Behavioural intervention increases physical activity in lumbar surgery patients

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Carol Mancuso at EUROSPINE

A psychosocial behavioural intervention administered in the spine care setting was successful in increasing physical activity after recuperation from lumbar surgery, a trial has found. Carol A Mancuso (Hospital for Special Surgery, New York, USA) presented the findings of the study at the recent EUROSPINE annual meeting (15-18 October, Helsinki, Finland).

Patients are instructed to restrict physical activity for several months after complex lumbar surgery in order to safely recuperate. However, many patients make a sedentary lifestyle permanent because of fear of spine injury, persistent pain, deconditioning and habit, Mancuso said, leading to poor long-term general health, known as sedentary death syndrome.

The objective of the randomised clinical trial was to determine if a psychosocial behavioural intervention would be effective in increasing physical activity, particularly walking, four months after lumbar surgery. 260 patients were enrolled in the trial, with 225 participating to the conclusion.

Because preoperative mobility is markedly limited by the spine disability, Mancuso told the Eurospine meeting, patients were first approached and enroled into the trial during routine three-month post-operative visits. They were randomised to the intervention or the control group and the primary outcome was assessed four months later. 114 patients were randomised to the control group and received information about safe physical activity and monthly phone calls to ensure safety. 111 patients were randomised to the intervention group and received a booklet on the benefits of physical activity and instructions on how to safely increase activity, primarily walking. They were given a pedometer and they made a self-contract to increase walking. They received weekly and then monthly phone calls, to ensure safety and encourage the contract.

The primary outcome was assessed against the Paffenbarger Physical Activity and Exercise Index (PAEI), taking into account daily distance walked, stairs climbed or any exercise completed, converted into Kcal per-week. Kcal per-week were calculated for each domain and for an overall total. Operative records were reviewed to ascertain complexity of surgery according to the Surgical Invasiveness Index (SII) which assigns points based on decompression, fusion and other surgical features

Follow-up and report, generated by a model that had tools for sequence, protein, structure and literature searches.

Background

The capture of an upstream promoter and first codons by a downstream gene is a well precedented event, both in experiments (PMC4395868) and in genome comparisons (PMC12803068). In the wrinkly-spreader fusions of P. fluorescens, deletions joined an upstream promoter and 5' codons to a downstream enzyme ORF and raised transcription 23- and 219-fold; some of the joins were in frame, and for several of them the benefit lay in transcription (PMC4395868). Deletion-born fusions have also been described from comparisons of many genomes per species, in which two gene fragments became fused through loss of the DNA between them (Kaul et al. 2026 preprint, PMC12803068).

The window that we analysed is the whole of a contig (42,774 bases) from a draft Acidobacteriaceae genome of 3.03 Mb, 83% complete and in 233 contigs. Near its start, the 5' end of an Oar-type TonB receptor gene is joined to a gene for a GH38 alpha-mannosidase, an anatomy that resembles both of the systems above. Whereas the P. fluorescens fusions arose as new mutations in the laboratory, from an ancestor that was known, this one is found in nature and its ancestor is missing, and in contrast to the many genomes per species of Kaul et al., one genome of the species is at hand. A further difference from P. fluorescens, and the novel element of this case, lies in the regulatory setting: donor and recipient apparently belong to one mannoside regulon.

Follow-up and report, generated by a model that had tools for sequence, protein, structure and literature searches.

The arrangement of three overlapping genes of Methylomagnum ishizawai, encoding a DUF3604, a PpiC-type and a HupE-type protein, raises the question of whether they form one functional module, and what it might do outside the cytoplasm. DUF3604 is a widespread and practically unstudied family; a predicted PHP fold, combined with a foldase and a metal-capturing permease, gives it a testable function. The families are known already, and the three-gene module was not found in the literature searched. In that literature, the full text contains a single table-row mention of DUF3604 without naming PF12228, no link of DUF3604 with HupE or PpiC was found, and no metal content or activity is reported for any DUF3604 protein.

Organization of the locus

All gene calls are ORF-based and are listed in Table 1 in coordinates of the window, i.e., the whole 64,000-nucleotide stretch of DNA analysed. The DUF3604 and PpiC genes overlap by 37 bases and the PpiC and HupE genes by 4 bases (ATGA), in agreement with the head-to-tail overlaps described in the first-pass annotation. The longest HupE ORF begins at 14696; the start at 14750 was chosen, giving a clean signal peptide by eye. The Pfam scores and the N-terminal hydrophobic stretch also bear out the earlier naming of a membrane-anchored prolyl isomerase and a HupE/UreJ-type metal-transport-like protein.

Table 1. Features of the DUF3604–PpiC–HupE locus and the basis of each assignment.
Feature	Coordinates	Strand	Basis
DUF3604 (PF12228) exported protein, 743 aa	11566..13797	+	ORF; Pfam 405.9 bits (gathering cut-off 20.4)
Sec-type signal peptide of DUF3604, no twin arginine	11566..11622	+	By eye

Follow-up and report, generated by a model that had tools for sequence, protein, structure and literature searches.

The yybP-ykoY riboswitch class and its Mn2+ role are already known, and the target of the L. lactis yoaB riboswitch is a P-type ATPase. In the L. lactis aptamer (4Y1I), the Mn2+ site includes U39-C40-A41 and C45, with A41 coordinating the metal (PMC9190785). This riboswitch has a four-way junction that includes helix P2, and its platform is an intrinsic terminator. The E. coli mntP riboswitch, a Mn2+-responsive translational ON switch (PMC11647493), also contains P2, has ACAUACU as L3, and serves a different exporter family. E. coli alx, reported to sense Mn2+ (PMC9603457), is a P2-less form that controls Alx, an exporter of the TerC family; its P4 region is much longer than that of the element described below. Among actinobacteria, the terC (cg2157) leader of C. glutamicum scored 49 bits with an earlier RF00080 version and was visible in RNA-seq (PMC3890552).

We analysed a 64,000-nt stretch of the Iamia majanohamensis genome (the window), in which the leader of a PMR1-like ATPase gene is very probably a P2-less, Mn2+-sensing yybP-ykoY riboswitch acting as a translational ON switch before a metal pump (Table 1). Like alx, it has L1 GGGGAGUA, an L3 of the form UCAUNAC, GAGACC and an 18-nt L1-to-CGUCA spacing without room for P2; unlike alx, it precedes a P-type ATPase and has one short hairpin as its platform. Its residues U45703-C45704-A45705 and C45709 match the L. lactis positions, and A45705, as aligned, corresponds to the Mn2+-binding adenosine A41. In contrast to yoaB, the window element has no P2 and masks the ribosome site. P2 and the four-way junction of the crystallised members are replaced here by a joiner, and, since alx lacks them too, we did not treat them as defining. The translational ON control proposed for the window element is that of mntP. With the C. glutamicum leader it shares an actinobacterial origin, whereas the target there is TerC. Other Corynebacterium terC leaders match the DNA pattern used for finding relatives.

At four months after surgery, all patients then repeated the PAEI. Mancuso said that at follow-up, the results showed that the intervention patients had recorded more walking, and their change from enrolment 1,132 Kcal, was greater than the change from the controls, 582Kcals. Similarly the overall Kcals per week, 1,713 for the intervention patients, was greater than the control group’s 1,067.

The study also assessed the outcomes in terms of meeting the US recommended weekly target of ≥2,000 kCals. At enrolment there was no difference in either of the groups (37% vs. 30%), but Mancuso said that at the follow-up more of the intervention group met the target, (63% vs. 46%).

Questioned after the presentation as to whether the interventions could be introduced at an earlier stage in the treatment, potentially preoperatively, Mancuso said: “In our experience, preoperatively patients are most concerned with the risks of anasthaesia, what is going to happen to them when they leave the hospital, will there be complications from surgery. So we think three-months post operatively, when the surgery is in the rear view mirror, and when they have healed and recuperated, their surgeon thinks they are doing well, that is the teachable moment. Not preoperatively, but post-operatively when they can clearly see that the surgery is behind them and they are ready to move forward.” Maintenance of increased physical activity up to 12 months will be the next outcome to consider, Mancuso said.


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